Fall 2018
Photography by Scott Streble

No stone unturned


When Jody Lulich was 9 years old, he saw a dog run over by a car. It devastated him—and set him on a course for veterinary school. “I wanted to help,” Lulich recalls. “I wanted to make a difference.”

Today, Lulich holds the Osborne/Hills Chair in Nephrology and Urology in the University of Minnesota’s College of Veterinary Medicine. He is nationally known for developing a noninvasive technique for removing urinary stones (also called uroliths) in animals and does much of his work through the U’s Minnesota Urolith Center, the largest urinary stone center in the world. 

In addition to working at the center, teaching students, and caring for animals, Lulich is an accomplished pianist and award-winning writer.

Did you grow up with animals? Do you have pets now?

My family’s first dog was a black cocker spaniel named Lightning, and my family raised Doberman pinschers while I was in high school. My partner and I have a geriatric Yorkshire terrier, Frazier, as well as a cat and a blue-and-gold macaw. The cat and dog were rescued from families who could no longer keep them.

What led you to Minnesota?

I’m originally from Chicago and got my undergraduate degree at Northwestern before going to Tuskegee for veterinary school. In 1984, my internship brought me to Minnesota. To be honest, it was my second choice (I wanted to go to New York City), but it changed my life because I met veterinary professor Carl Osborne.

How did he make a difference in your life? 

Carl taught me how to be a scientist. He was a keen observer, a wise analyzer, and the originator of the Minnesota Urolith Center. In the middle of my one-year internship, he asked if I wanted to stay and complete a Ph.D. and medicine residency. I said no—I wanted to be a pathologist. The following week he asked me again, and I said no again.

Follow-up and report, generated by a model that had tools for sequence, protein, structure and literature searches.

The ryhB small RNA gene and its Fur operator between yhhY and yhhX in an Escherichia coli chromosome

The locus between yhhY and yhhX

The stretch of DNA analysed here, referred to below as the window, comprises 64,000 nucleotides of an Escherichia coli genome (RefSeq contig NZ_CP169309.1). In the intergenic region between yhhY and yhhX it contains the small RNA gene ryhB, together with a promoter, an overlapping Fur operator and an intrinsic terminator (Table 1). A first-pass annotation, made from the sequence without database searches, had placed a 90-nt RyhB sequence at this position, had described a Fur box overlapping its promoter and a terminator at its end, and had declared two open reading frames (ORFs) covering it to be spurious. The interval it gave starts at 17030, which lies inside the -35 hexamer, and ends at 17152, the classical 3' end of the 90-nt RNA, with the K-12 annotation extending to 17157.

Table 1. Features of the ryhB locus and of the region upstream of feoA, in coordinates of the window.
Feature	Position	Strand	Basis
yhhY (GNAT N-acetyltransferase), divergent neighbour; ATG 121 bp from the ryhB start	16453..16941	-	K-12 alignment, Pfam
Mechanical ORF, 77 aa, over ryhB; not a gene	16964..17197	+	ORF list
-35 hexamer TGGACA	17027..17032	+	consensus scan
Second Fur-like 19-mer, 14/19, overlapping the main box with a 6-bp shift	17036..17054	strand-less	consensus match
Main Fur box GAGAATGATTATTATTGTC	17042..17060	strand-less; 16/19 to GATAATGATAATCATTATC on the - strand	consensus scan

Then Carl told me that I had to decide in a few days because the U lacked an opening for a resident and Ph.D. student and, if I accepted his offer, he needed time to create the position. No one had ever showed such concern for my well-being and development. He saw something in me. I gave up my aspirations to become a pathologist, and the rest is history.

How did you become interested in uroliths?

Carl introduced me to the fascinating science that underlies bladder stone formation. I am currently working on the interactions between the kidney and calcium oxalate stone formation. Kidney stones in cats and humans appear to form this stone type by similar mechanisms. We’re collaborating with the Medical School, the College of Dentistry, and faculty members in earth sciences, chemical engineering, and materials science to understand the structure and function of initial urolith formation.

What does having an endowed chair mean to you?

The endowed position has allowed me to focus on teaching and research. It has given me the opportunity to collaborate with others and make discoveries. Being offered the chair has fueled my passion to assist others in their training as I was assisted in mine.

You assign To Kill a Mockingbird in some of your classes. Why? 

There’s a section about rabies, so the book helps students learn. I love reading and also creative writing—I’ve written a lot about my clients, their pets, and how they have contributed meaningfully to my life and work. My other passion is music. I play classical piano and take lessons. Music has a way of relieving the stress of work or just making me want to get up and dance.

Joel Hoekstra is a Minneapolis writer.


Some look like starbursts. Others like candy hearts. These tiny stone jewels are among 1 million animal urinary stone samples in the U of M’s Minnesota Urolith Center collection. But the pain and suffering they can cause isn’t pretty.

The center, established in 1981 and now directed by Jody Lulich, Osborne/Hills Chair in Nephrology and Urology at the College of Veterinary Medicine, is the largest urinary stone center in the world. Each year, the center analyzes the mineral content of approximately 85,000 samples. The results help researchers learn how to better treat and care for animals with urinary tract disease. 

Private gifts, as well as an annual grant from Hill’s Pet Nutrition, support the center, allowing the organization to offer its services free of charge and collect large volumes of data on stone formers.

“Every day we help veterinarians and scientists make a difference for pets and pet owners,” Lulich says. “It’s very gratifying work.”

What are those strange-looking objects?